5th Annual 12th Night Giveaway: Day 8

Well, it’s New Year’s Eve. We all know what that means. Tomorrow marks the beginning of….

Sherlock Season 4!!!!!!!!!!


I doubt the sitting room of 221B will look like this in three weeks.

I have to say, the first time I saw BBC’s 21st century re-imagining, I happened to tune in to a PBS repeat of “The Blind Banker”–not the strongest episode, although it has some great lines. And it was in the worst possible place, too–the museum scene. I assumed that Watson was in love with Soo Lin–and hasn’t the old drug trafficking thing been done a zillion times?  So I turned it off. A few months later, I tried it again via iTunes, this time from the beginning, and I changed my mind. Obviously.



Now, a lot of people don’t feel the same away about Sherlock, and a lot of people felt as if it’s been less amazing since Series 3. Others adore it, sometimes in the very fullest sense of that word, and there are hundreds of articles online and elsewhere analyzing why that might be. For me, the reason I love Sherlock is the same reason why I love the Canon–for me, the characters are truly alive. You can’t plan these things. And you can’t always make them happen again, but for Steven Moffat and Mark Gatiss, one day, on a train, the alchemy was right, and they created something special–just as Arthur Conan Doyle did at his desk in Bush Villas, Southsea.

Here’s hoping that whatever formula they’re using holds true!

I’m sure you can guess what today’s prize will be….


Because you are all proper geniuses!

For a chance to win a pre-order of the Sherlock Series 4 DVD or Blu-ray, just answer this question:


Holmes has all sorts of clients. From the intelligent (Violet Hunter) to the very dull. Jabez Wilkins, from the “The Adventure of the Red-headed League” is one of the latter, and it’s because of him that Holmes quotes Latin to Watson–“‘Omne ignotum pro magnifico,’ you know, and my poor little reputation, such as it is, will suffer shipwreck if I am so candid.”  Whom is he quoting, and what are the circumstances?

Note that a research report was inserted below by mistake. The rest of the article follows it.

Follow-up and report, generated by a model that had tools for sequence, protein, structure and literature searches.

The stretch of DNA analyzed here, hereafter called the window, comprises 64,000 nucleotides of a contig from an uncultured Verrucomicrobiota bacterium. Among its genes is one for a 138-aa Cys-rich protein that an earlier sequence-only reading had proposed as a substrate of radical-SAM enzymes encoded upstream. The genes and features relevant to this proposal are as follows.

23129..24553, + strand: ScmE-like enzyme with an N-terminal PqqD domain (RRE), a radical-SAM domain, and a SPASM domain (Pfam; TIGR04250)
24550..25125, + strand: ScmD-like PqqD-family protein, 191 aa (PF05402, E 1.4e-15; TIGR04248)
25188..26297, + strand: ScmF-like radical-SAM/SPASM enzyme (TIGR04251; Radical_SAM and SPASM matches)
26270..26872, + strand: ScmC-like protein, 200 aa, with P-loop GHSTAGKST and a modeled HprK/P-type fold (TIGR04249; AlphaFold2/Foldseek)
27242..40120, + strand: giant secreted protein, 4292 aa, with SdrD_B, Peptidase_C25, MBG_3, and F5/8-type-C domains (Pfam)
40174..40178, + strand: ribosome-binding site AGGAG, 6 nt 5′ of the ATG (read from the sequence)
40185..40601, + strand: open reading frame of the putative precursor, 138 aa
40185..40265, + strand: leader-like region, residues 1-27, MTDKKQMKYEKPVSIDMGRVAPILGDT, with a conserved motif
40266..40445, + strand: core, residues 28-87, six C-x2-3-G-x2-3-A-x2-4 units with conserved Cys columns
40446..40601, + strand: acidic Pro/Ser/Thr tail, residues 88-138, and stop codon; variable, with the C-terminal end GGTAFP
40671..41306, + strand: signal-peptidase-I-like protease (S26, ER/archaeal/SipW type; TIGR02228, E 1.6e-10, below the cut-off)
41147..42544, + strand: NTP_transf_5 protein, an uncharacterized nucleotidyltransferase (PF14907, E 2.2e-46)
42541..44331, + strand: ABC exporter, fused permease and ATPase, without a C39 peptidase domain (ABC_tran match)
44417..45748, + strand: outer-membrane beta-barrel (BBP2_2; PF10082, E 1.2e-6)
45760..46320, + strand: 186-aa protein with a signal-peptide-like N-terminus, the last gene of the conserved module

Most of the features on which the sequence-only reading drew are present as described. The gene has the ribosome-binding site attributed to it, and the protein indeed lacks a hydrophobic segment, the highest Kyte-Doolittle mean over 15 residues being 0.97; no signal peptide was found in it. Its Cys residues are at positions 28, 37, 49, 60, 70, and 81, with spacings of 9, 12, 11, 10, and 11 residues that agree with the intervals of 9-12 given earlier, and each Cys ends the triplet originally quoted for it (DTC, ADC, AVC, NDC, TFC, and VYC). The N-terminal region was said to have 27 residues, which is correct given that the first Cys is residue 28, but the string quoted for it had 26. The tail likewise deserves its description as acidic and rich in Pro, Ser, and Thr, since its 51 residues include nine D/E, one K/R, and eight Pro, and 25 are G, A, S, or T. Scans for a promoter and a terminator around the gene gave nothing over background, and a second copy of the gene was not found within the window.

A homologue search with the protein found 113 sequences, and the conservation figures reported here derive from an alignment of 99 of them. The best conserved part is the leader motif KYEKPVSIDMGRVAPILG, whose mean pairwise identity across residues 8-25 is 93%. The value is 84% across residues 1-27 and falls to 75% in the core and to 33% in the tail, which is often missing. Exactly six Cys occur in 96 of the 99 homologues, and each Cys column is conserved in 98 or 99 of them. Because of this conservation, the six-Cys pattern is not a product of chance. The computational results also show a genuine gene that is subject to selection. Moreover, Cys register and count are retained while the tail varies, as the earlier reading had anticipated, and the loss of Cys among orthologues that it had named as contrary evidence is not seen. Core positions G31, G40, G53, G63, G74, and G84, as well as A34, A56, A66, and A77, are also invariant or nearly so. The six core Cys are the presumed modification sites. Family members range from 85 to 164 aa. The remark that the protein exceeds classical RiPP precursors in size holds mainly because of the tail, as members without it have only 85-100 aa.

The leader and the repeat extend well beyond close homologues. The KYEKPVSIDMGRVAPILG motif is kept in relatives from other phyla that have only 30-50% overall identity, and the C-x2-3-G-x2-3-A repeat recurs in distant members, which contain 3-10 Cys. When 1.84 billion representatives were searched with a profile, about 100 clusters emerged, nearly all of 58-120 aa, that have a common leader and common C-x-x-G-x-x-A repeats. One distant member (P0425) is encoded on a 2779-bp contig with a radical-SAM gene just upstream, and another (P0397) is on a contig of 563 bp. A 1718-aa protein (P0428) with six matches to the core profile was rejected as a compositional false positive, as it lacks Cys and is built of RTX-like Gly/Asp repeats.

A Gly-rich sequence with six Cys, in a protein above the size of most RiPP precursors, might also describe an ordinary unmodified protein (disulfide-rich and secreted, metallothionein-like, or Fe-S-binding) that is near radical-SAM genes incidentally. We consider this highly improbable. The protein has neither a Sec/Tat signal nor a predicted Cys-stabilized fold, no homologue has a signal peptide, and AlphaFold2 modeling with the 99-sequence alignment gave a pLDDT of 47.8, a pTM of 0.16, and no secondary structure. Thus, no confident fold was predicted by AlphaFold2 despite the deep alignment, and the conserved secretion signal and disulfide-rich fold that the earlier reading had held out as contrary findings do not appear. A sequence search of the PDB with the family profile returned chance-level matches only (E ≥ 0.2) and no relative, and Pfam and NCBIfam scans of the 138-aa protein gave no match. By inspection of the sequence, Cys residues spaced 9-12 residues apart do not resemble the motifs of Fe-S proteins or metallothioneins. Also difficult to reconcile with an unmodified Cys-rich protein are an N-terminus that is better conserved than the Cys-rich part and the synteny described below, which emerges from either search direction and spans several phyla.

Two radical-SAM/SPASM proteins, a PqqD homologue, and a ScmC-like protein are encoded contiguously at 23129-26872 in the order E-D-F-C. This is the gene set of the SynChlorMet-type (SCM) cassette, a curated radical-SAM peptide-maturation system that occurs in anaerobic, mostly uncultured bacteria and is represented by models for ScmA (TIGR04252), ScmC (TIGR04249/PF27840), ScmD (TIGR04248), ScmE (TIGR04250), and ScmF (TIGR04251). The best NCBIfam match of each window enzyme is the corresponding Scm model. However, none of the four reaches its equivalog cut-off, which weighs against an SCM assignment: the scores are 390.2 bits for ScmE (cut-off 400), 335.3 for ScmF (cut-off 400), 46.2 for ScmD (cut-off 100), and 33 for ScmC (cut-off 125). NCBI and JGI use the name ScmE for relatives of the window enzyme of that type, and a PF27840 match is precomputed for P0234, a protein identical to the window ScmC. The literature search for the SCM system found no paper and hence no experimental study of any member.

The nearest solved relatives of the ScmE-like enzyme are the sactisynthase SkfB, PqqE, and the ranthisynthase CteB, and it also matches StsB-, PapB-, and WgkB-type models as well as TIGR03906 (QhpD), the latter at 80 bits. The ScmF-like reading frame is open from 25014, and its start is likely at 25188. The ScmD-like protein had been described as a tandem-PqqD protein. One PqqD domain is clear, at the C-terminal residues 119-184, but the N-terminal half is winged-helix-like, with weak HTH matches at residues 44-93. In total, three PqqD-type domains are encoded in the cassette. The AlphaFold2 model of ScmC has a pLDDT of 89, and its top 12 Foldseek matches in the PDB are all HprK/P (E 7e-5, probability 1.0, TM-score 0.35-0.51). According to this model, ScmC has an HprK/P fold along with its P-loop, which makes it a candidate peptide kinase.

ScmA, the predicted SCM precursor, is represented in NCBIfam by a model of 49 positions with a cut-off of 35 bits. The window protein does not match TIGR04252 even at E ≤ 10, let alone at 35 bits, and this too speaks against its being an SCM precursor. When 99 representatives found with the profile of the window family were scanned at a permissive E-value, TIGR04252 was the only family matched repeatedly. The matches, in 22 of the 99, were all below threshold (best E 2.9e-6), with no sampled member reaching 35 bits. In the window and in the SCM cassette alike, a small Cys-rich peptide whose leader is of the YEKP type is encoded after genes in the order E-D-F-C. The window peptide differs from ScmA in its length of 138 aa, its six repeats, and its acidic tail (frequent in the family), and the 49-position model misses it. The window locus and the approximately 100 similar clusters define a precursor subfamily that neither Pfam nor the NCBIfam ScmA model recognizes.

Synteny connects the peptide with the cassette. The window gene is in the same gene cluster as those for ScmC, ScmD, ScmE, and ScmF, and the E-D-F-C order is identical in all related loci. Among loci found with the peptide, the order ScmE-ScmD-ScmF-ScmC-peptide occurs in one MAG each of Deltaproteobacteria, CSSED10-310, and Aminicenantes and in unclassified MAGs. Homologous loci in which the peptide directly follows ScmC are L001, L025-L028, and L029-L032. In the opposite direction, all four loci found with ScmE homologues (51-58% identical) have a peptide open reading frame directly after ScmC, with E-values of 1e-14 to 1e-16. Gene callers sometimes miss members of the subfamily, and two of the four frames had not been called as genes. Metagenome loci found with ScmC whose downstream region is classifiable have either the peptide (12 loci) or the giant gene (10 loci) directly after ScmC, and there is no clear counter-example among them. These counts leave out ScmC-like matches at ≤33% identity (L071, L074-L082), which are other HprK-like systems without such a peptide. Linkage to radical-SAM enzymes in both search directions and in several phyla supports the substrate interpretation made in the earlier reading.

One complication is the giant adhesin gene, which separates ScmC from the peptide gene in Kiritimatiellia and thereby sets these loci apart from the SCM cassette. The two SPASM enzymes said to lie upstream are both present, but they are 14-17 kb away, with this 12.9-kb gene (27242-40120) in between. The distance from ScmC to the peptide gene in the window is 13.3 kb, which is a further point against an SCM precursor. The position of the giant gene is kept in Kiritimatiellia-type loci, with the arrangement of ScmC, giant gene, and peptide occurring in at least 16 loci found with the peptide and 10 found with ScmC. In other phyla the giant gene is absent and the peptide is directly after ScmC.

I really wish I could have given a video clue of this question, as the scene in Granada’s version of “The Red-headed League” is wonderful–and wonderfully hilarious. Perhaps by next year, I’ll know how to do a video clip. If you get the chance, however, watch the episode–it’s classic. And, of course, send in your answers via blog comment, Facebook PM, and Twitter DM.  Have a wonderful New Year’s Eve, be safe, and PLEASE–don’t drink and drive!!!!!!




It’s late, but not too late, and the last 12th Night Giveaway Winner of 2016 is Jim McArthur. Remember that the rules state that a player can win twice, and that everyone is eligible for the grand prize. I think this is the first year I’ve had two double winners, which is kind of weird.
ANYWAY! Interestingly enough, “There but for the grace of God go[es] Sherlock Holmes” has a dubious provenance. Holmes thought it originated with Richard Baxter, a Puritan theologian, while others think it’s from John Bradford, who used to say it when he saw someone headed for execution (that is, he said “There but for the grace of God goes John Bradford,” not “Sherlock Holmes.” Eventually, he was martyred for his attempts at religious reformation by being burned at the stake. It’s also possible that the saying originated with sailor-turned-clergyman John Newton, or St. Philip Neri.



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